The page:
There are three different kinds of concussions, each requiring different levels of care:

  • Grade 1 – can cause headache, dizziness memory loss and nausea. You can usually return to normal activities within a few days after the symptoms have passed.
  • Grade 2 – symptoms are similar to a Grade 1 concussion, but you could briefly lose consciousness. You may need many days of rest before returning to regular activities.
  • Grade 3 – when you lose consciousness for more than five minutes. You can experience amnesia, speech problems, vomiting and seeing stars, and may be at risk for permanent brain damage — especially if you experience repeated concussions.

When to seek immediate medical attention

In general, whenever you or someone you love suffers a traumatic brain injury, it’s always a good idea to get checked out no matter what. But you should head straight to an emergency room if you experience the following symptoms:

  • Any loss of consciousness
  • Seizure
  • Vomiting
  • Headache
  • Any period of amnesia
  • Feeling dazed or confused

For young children under 2, seek help if they have any scalp swelling or differences in the way they usually behave.

“When in doubt, go to the hospital,” says Dr. Marvi. “It will certainly give you peace of mind, and it could prevent permanent brain injury.”

The importance of medical evaluation and diagnosis

One of the most dangerous aspects of concussions is their hidden nature. While a person could insist they’re feeling fine, there could be significant damage under the surface. A health care professional can run a series of tests and evaluations, such as a computed tomography or CT scan, to determine the brain function and extent of the injury. They can also rule out more serious injuries, which could require additional treatment.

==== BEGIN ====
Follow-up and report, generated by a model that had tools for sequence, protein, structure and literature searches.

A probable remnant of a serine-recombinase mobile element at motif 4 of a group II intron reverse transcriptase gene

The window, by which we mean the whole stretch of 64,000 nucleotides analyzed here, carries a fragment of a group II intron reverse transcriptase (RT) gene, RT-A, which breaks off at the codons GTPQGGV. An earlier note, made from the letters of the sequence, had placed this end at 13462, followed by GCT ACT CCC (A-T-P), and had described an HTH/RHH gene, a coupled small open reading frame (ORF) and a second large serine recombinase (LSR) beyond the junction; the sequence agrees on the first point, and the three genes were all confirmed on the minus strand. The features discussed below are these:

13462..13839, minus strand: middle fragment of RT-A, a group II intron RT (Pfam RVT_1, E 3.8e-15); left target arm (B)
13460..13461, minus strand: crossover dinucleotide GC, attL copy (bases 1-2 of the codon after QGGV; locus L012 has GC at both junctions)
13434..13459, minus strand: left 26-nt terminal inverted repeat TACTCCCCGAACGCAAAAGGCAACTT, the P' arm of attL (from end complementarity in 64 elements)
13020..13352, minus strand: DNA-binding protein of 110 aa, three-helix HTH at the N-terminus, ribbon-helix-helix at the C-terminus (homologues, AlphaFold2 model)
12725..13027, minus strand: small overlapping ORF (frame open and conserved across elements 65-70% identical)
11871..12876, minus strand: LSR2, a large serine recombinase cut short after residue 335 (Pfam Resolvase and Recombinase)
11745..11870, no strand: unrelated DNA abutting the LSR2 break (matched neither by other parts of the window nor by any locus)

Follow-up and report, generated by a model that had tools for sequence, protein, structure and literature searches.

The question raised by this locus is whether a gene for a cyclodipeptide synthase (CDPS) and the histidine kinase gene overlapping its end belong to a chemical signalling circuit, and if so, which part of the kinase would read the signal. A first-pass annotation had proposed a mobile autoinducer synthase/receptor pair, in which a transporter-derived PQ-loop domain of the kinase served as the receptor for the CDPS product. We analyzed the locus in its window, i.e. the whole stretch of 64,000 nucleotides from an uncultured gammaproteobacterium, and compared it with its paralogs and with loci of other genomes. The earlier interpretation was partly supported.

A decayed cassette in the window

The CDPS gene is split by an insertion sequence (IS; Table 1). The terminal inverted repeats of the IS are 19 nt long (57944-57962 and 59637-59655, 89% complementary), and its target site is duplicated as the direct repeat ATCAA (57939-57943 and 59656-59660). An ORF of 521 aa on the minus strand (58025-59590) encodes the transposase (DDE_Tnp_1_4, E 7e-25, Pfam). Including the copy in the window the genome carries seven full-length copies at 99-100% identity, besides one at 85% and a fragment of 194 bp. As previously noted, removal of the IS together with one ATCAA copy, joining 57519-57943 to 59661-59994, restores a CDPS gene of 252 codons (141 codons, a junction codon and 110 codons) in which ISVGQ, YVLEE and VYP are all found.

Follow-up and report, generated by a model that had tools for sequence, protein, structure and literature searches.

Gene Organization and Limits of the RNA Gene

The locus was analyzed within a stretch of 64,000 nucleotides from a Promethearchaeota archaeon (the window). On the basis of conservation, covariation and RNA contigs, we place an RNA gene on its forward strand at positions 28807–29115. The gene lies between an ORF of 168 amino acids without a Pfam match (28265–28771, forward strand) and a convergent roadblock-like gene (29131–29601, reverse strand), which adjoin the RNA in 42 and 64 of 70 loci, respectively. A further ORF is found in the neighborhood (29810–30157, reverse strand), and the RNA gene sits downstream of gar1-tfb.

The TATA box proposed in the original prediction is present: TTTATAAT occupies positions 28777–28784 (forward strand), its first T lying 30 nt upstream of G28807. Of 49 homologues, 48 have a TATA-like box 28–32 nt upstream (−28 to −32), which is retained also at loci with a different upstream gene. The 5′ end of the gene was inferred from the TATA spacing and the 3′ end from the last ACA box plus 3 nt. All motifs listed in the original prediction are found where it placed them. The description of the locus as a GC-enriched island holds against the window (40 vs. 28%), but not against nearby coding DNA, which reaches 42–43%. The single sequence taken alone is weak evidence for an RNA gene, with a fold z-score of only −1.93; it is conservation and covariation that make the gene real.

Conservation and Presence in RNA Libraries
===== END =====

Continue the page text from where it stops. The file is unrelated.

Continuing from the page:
The treatment and recovery process

For mild concussions and mild TBIs, treatment mainly involves “brain rest.” Limit visual and physical activities to shortened time intervals, and keep screen time to a minimum. Ask your health care provider about taking pain medication such as acetaminophen (Tylenol). Don’t take ibuprofen (Advil), because that may increase your risk of bleeding.

If symptoms don’t get much better after several days of rest, you may need to undergo rehabilitation for symptoms related to vision, balance problems or thinking and memory. Your doctor can give you medical advice about the best treatment for your recovery.

Concussions are serious brain injuries, which is why they need to be taken seriously.

Contributing caregiver

Michael Marvi, M.D., is a neurologist at Providence Saint Joseph Medical Center in Burbank, California.

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This information is not intended as a substitute for professional medical care. Always follow your health care professional’s instructions.

About the Author

Neuroscience is super complex, and the Providence Brain & Spine Team taps into the many decades of expertise to provide useful and helpful advice and tips on non-surgical and surgical options to treat any disease of the mind.